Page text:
Social Mobility Conference

I still have a few spare spaces for my intergenerational mobility conference at ANU on Monday 30 November. The conference will now be opened by Terry Moran, the Secretary of the Department of Prime Minister and Cabinet. So if it’s good enough for Australia’s most senior public servant…

Also, each paper will have a discussant. The full program – with discussants – appears below.

8.15-8.30am Coffee & Registration

8.30-8.45am Terry Moran AO, Secretary of the Department of Prime Minister and Cabinet
Opening Speech

8.45-9.45am Daniel Waldenström, Research Institute of Industrial Economics, Sweden
Intergenerational Top Income Mobility in Sweden – A Combination of Equal Opportunity and Capitalistic Dynasties (with Anders Björklund and Jesper Roine)
Discussant: Michael Gilding, Swinburne University of Technology

9.45-10.15am Morning Tea

10.15-11.15am Xin Meng, Australian National University
Intergenerational Income Mobility in Urban China (with Cathy Gong and Andrew Leigh)
Discussant: Michael Schneider, La Trobe University

11.15-12.15pm Guyonne Kalb, University of Melbourne
Intergenerational Correlation of Labour Market Outcomes (with Nicolas Hérault)
Discussant: Mathias Sinning, Australian National University

12.15-1.30pm Lunch

1.30-2.30pm Michael Shields, University of Melbourne
Childhood Economic Conditions and Length of Life: Evidence from the UK Boyd Orr Cohort, 1937–2005 (with Paul Frijters, Timothy Hatton and Richard Martin)
Discussant: Martine Mariotti, Australian National University

2.30-3.30pm Buly Cardak, La Trobe University
Intergenerational Earnings Mobility and Ability: Empirical Estimates for the US and Britain (with David Johnston, Vance Martin and Chris Ryan)
Discussant: Bruce Bradbury, University of NSW

3.30-4.00pm Afternoon Tea

4.00-5.00pm Deborah Cobb-Clark, Australian National University
Cultural Transition and the Intergenerational Correlation in Welfare Receipt (with Juan Barón and Nisvan Erkal)
Discussant: Joann Wilkie, Australian Treasury

Registration is $195, or $165 for four people from the same area. To encourage more research on intergenerational mobility, it’s free for academics and full-time students. The general registration form is here, and the academic one is here.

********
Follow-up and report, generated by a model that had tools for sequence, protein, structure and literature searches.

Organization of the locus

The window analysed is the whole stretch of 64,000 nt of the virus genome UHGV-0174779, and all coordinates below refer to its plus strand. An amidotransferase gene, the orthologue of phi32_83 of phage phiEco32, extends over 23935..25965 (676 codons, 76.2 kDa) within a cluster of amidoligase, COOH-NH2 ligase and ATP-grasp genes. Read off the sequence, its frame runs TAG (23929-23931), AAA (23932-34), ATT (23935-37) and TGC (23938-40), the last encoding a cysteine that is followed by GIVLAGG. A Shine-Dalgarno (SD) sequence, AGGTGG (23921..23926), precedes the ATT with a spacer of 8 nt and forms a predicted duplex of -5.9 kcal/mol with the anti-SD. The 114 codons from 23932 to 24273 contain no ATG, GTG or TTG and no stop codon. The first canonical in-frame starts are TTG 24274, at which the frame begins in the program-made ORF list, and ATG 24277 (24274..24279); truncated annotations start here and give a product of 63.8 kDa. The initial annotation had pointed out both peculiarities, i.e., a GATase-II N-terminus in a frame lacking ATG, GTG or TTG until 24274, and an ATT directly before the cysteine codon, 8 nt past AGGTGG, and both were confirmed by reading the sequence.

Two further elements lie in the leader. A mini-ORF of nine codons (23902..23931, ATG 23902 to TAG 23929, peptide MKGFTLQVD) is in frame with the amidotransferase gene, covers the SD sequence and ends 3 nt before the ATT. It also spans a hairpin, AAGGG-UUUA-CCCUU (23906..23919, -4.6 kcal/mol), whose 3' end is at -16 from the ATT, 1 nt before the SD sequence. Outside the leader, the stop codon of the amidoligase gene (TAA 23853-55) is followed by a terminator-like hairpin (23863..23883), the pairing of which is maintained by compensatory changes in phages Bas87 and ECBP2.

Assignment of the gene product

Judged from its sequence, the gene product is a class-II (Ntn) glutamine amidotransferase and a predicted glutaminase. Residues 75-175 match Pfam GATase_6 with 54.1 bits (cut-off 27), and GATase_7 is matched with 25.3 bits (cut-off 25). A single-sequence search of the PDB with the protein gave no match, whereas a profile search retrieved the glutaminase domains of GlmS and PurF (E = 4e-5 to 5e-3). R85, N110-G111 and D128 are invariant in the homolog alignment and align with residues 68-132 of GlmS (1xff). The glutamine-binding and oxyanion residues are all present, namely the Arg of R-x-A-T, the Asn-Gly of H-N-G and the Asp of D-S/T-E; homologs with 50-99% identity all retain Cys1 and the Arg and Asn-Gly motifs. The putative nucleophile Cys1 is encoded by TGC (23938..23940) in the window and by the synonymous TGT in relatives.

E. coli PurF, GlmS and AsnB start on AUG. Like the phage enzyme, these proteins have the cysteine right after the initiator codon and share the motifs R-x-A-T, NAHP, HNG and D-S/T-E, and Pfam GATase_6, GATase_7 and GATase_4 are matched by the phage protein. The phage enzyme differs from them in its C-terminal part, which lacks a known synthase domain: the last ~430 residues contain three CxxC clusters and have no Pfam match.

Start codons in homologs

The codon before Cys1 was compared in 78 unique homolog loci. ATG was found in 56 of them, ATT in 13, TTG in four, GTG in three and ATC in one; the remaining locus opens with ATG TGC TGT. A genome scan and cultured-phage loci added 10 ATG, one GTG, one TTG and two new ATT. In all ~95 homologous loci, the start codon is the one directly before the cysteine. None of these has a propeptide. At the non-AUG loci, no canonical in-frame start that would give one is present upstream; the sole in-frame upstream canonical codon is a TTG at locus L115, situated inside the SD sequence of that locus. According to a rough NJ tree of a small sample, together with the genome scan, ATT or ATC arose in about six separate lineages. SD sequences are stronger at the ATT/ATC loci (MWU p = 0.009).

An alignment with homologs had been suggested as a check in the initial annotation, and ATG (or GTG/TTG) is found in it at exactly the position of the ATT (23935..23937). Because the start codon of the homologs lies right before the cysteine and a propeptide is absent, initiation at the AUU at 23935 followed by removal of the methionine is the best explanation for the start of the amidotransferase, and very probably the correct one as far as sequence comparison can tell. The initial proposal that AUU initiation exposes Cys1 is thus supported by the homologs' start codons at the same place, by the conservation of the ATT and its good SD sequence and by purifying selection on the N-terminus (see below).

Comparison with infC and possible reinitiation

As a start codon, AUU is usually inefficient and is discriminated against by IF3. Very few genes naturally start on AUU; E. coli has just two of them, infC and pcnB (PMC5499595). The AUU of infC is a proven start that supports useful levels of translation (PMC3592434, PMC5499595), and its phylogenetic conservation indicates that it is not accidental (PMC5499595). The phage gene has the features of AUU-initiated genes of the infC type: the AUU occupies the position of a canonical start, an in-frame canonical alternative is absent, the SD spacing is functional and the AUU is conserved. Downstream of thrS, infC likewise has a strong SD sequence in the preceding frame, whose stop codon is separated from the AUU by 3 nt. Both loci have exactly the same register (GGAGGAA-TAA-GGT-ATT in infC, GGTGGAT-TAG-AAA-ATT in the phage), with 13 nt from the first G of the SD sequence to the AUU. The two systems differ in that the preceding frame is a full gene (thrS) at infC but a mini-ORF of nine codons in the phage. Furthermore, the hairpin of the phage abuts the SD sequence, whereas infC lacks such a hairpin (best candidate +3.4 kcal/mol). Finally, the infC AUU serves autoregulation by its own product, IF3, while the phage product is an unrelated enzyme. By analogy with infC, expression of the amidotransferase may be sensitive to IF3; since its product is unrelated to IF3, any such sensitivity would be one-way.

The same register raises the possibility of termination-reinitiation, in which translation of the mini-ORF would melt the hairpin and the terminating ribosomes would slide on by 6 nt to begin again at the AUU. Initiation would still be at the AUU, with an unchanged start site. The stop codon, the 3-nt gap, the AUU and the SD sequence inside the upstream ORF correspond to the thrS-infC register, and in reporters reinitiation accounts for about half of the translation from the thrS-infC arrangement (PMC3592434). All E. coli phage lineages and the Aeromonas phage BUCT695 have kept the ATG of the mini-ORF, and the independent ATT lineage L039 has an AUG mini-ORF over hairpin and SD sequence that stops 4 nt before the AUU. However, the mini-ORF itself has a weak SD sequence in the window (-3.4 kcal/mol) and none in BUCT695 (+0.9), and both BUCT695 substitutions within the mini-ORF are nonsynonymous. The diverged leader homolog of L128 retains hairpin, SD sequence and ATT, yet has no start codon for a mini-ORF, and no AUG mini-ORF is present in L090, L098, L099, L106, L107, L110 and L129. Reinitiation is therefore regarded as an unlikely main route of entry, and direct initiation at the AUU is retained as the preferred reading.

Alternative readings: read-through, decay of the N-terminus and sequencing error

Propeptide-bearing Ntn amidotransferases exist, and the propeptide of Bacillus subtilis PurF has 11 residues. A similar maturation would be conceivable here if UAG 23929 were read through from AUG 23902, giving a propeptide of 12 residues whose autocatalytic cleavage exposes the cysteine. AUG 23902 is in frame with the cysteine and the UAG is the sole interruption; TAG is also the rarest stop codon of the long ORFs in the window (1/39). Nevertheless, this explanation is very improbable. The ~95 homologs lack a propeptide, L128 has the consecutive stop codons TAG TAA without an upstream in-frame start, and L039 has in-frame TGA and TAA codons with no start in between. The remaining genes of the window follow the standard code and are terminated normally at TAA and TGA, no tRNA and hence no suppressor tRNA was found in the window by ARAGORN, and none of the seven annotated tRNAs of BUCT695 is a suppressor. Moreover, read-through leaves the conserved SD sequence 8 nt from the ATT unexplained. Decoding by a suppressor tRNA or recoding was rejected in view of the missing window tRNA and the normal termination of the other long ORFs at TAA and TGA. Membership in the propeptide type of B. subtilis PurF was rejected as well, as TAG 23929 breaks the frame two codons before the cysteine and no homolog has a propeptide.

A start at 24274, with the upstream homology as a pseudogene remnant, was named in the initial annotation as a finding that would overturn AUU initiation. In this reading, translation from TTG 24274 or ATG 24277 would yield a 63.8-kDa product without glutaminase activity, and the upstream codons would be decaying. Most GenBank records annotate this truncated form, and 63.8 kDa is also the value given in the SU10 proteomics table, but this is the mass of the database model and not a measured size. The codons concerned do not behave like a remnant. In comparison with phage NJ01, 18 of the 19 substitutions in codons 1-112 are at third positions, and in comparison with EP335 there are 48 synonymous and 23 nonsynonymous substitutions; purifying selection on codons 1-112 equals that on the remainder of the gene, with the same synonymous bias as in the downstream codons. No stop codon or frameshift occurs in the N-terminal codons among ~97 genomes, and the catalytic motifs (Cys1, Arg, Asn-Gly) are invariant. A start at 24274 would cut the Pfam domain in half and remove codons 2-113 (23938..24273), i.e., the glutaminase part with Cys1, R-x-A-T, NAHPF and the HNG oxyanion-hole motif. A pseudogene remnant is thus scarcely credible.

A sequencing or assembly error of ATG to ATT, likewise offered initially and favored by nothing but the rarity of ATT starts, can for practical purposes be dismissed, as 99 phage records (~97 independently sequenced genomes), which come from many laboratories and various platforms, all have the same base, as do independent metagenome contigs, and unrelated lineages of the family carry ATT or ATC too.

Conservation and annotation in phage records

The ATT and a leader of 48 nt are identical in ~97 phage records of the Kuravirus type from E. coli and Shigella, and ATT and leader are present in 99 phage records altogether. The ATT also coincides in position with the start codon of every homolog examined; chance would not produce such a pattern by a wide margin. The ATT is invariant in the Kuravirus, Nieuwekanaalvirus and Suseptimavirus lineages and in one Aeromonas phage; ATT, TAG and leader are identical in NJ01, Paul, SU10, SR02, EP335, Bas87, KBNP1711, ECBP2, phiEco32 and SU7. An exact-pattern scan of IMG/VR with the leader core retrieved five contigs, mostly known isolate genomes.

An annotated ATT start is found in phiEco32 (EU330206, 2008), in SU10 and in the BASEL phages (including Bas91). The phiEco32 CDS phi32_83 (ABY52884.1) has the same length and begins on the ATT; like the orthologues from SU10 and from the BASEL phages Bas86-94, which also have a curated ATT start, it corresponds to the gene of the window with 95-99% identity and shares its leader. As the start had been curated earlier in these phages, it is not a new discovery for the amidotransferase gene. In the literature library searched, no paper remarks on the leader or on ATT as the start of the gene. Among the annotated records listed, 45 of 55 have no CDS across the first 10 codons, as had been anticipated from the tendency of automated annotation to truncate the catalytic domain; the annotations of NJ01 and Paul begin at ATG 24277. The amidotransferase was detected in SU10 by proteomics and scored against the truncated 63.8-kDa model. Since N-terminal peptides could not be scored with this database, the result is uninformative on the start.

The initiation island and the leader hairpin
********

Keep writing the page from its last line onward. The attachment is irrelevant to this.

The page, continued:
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4 Responses to Social Mobility Conference

  1. Cheryl Bookallil says:

    Hello Andrew
    I have a great interest in the topic of this conference. However, cannot attend on 30th November. Will there be a site where I could access copies of the presentations and papers?
    Kind regards
    Cheryl

  2. Andrew Leigh says:

    Cheryl, sorry not to have you there. As to papers, if you click on either version of the program, you’ll see that most of the papers are hyperlinked. For the ones that aren’t, feel free to email the authors.

  3. Cathal Kelly says:

    I think it curious that a tag given to a conference on intergenerational mobility is “inequality”. While I have read only a small sampling of literature on this topic, I am struck by two characteristics of the material I have read that suggest it is not really about inequality.

    One is how little of the literature is concerned with down-ward mobility — how many children of judges, CEOs, university professors, medical doctors, etc., take up careers sweeping roads, operating supermarket check-out tills, or driving fork-lifts in warehouses, etc.

    The second thing that strikes me about the mobility literature is that it doesn’t really get at the heart of the issue of inequality. It doesn’t look at why those in the top tiers should have incomes or wealth that are the multiples that are observed of the median or mean incomes or wealth. (Which is not to say that question is not asked — you have identified the need for research on that in your chapter in the Oxford Handbook. But I haven’t (yet?) seen it in the pieces of mobility literature I have read.)

    [Sorry that my first comment on your blog is to carp :( ]

  4. Fred Argy says:

    Sorry, Andrew. I find it difficut to attend seminars at present. I wish you the best of luck with it.

    Perhaps someone could send me the highlights at a later date.

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